GST liability on annuities: Where does the buck stop?

By Sudipta Bhattacharjee, Advaita Legal
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The Goods and Services Tax (GST) Council, in its 22nd meeting in October 2017 recommended tax exemption to “annuity paid by National Highways Authority of India (NHAI) and state authorities or state-owned development corporations to concessionaires for the construction of public roads”.

Surprisingly, the above recommendation was implemented by the government through notification no. 32/2017 – central tax (rate), by adding entry 23A to notification no. 9/2017 – integrated tax rate, which reads as: “Service by way of access to a road or a bridge on payment of annuity”. It mentioned “access to a road” as opposed to “construction of public roads”.

Sudipta Bhattacharjee Advaita Legal
Sudipta Bhattacharjee
Partner
Advaita Legal

It is important here to understand that annuity in road projects are paid as a belated consideration for construction and not in return for services by way of access to a road as envisaged under entry 23A. That the exemption under entry 23A is not in relation to construction services becomes clearer when one notes that the four-digit service heading (under the scheme of classification of services under GST) referred to in entry 23A is heading 9967, pertaining to “supporting services in transport”, as opposed to heading 9954, which pertains to “construction services”.

If one refers to the explanatory notes to the scheme of classification of services, the heading 9967 includes “operation services of highways, roads, streets and causeways”. Again, “operation services” as opposed to “construction services”. Logically, operation services of highways also cover access to roads, as envisaged for exemption under entry 23A as opposed to construction. Clearly, the GST exemption to the concessionaires for the construction of roads as envisaged by the GST Council does not seem to have been implemented.

That the interpretation highlighted above is not merely a theoretical exposure but a highly probable consequence stands buttressed by the advance ruling from Rajasthan in the case of Nagaur Mukangarh Highways Pvt Ltd. The key points from which are:

  1. The applicant was engaged as a “concessionaire” by the Government of Rajasthan’s Public Works Department to construct, operate and maintain the project during the construction period, which would commence from the appointed date and end on the commercial operation date (COD), and operate and maintain it for a period of 10 years from the COD.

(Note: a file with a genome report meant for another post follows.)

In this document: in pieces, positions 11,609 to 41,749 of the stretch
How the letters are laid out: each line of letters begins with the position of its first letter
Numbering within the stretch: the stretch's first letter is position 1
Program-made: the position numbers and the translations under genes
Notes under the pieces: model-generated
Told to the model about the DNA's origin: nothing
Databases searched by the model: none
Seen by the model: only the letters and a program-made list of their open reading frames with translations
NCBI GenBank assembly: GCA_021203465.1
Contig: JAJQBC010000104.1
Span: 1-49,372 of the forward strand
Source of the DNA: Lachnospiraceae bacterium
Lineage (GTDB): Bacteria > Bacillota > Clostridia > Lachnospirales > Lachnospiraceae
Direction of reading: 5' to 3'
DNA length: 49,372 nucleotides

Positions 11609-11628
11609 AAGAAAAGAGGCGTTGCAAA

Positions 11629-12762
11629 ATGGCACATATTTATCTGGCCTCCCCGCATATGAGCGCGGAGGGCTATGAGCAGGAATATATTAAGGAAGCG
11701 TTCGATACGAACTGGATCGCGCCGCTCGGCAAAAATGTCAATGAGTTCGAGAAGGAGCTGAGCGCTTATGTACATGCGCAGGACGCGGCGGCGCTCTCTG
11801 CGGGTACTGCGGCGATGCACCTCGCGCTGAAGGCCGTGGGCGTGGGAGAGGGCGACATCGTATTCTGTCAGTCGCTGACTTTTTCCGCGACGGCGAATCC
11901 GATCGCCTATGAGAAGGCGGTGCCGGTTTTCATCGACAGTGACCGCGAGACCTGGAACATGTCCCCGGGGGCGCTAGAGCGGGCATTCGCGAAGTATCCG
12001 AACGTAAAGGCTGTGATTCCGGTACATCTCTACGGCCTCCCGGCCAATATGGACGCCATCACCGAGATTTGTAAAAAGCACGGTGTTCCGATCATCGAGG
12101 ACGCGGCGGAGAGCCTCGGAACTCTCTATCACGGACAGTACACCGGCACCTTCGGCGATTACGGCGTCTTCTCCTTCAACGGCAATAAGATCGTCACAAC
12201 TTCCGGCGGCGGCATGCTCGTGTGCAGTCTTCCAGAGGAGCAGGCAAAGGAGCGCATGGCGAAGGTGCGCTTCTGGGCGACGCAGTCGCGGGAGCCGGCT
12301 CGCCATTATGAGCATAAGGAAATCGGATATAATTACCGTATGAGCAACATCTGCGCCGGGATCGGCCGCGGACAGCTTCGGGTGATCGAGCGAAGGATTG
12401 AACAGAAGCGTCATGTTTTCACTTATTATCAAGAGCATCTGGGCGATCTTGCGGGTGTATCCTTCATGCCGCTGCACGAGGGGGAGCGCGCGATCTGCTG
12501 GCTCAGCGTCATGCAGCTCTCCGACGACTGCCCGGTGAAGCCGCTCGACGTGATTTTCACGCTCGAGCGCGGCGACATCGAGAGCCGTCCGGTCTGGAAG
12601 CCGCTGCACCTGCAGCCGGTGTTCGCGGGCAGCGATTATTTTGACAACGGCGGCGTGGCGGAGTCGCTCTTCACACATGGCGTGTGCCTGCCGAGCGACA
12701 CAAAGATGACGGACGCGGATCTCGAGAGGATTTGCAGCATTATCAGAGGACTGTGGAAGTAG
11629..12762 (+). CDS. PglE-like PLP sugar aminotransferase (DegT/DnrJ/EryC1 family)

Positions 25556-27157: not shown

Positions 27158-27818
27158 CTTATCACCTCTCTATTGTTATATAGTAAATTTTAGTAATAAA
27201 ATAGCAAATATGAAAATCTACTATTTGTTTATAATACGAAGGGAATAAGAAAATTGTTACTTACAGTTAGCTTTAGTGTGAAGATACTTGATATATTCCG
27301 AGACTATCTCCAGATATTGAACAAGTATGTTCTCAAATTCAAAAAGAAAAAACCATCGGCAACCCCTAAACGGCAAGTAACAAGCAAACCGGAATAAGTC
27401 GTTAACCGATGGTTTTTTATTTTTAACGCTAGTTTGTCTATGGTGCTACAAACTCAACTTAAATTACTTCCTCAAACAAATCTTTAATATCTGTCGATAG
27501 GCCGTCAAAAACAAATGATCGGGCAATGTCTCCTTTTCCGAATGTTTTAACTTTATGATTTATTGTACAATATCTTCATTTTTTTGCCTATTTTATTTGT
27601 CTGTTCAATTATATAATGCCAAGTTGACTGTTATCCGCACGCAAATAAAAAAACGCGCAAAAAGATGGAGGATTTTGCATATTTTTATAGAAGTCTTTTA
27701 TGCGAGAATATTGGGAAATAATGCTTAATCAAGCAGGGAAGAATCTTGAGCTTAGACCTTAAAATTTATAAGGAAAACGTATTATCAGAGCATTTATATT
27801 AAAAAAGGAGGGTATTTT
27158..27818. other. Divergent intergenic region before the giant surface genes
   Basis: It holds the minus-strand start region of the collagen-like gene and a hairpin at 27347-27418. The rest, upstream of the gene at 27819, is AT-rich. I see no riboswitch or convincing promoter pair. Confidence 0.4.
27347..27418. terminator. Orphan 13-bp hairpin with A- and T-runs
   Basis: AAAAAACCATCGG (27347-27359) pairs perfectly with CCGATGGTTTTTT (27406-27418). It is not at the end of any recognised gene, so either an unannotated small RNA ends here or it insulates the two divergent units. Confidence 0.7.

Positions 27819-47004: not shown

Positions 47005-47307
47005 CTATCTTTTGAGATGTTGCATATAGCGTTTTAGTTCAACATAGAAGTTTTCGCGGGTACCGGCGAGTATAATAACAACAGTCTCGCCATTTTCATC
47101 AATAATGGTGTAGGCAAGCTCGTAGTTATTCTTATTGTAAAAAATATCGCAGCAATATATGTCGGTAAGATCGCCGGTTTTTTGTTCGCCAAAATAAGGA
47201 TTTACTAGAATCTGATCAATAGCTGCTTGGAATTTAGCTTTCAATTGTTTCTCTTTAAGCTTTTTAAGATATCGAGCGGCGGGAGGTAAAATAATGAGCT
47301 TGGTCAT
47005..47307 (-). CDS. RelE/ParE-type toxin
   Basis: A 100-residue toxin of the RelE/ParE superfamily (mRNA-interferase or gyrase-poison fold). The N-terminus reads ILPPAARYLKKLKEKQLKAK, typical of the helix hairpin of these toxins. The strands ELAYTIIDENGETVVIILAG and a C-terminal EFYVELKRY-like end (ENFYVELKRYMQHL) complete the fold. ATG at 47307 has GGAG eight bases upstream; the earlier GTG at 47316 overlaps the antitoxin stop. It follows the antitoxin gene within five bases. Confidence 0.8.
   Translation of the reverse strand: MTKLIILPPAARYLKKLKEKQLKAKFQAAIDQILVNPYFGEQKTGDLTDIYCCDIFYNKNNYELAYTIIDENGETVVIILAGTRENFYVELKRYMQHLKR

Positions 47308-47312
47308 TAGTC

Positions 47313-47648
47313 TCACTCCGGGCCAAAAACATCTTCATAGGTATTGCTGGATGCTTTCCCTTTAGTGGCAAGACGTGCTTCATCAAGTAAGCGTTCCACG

2. The applicant would receive 50% of the cost of construction, which was to be paid to the applicant in five equal installments during the construction period on the basis of achievement of milestones. Further, the applicant would receive the remaining 50% in biannual installments over the operation and maintenance (O&M) period along with the interest (annuity payments). The applicant would also receive biannual payments towards O& M expenses calculated at a specified percentage of the construction cost during the O&M period.
  3. The applicant contended that the annuity payments during the O&M period are exempted under entry no. 23A of the notification no. 12/2017-CT (rate). The Advance Ruling Authority rejected the applicant’s contention as entry 23A pertains to heading 9967, which is for support services of transport services whereas the services provided by the applicant is classifiable under heading 9954 (construction services) that is liable to GST as a “works contract” at the applicable rate of GST.
  4. The Advance Ruling Authority went on to clarify that the applicant is liable to pay the applicable GST on the full 100% of the construction cost (including future annuity payments during O&M period) of the project during the initial construction period of two years, at the time of issue of invoices or receipt of the payment, whichever is earlier.

Thus, it appears, that a clear recommendation of the GST Council for exemption to annuity payments for construction of roads has been disregarded by the government while implementing the recommendation in the form of a notification. This is prima facie vulnerable to a constitutional challenge through a writ petition. This would be an interesting court room battle as it will settle the fundamental question – can the government go against a clear recommendation of the GST Council, of which it is a member?

Further, this inconsistency may also lead to contractual disputes due to “change in law” claims on account of GST between concessionaires and NHAI or other nodal agencies.

Sudipta Bhattacharjee is a partner in the tax controversy management and contract documentation practice of Advaita Legal.

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